Getting started with Titanic Research


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Nathan L. Casteel

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Hello I am wanting to start doing some research work on the R.M.S. Titanic and I know that I'll need a pen to write with and notebooks. Will I need to have anything else? Any answers will be accepted and appreciated thank you.
 
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Nathan L. Casteel

Guest
I know Phillip: I do and use my brain by the way. I was asking "Will I need anything else?" Like besides pens and notebooks & also a brain you know.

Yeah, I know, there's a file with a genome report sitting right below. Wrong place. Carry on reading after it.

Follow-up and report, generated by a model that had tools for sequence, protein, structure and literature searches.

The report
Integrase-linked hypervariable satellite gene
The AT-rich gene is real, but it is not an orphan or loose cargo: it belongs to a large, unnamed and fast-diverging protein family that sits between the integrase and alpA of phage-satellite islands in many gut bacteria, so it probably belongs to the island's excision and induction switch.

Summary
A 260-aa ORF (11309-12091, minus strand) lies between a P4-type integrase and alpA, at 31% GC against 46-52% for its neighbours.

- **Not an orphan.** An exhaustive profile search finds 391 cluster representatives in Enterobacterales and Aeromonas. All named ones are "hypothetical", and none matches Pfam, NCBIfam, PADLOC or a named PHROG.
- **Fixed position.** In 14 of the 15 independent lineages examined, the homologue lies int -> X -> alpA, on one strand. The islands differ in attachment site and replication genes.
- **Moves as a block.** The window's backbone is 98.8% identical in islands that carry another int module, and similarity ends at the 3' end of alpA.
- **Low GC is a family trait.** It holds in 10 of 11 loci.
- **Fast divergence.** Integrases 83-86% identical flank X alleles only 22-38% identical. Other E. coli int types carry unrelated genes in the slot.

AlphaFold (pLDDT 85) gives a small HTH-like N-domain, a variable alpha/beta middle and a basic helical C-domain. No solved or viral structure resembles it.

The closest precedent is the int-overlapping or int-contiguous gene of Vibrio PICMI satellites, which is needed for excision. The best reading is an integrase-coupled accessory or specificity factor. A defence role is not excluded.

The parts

Jul 12, 2003
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I didn't know which would be the best place to ask this question, so I will start here....is there a topic that specifically deals with books on the Titanic? It seems there are so many out there and it would be nice to have one place where people could list books they have read and maybe recommend certain ones. Is there a place that lists the books outside of the discussion boards?
 

Philip Hind

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So you already have a brain, a pen and a piece of paper. No, I don't think you will need anything else. Good luck and be sure to let us know what you come up with.
 
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Nathan L. Casteel

Guest
Philip I was asking if I needed anything else that I need to have before I started to do work on this research. If you have anything let me know.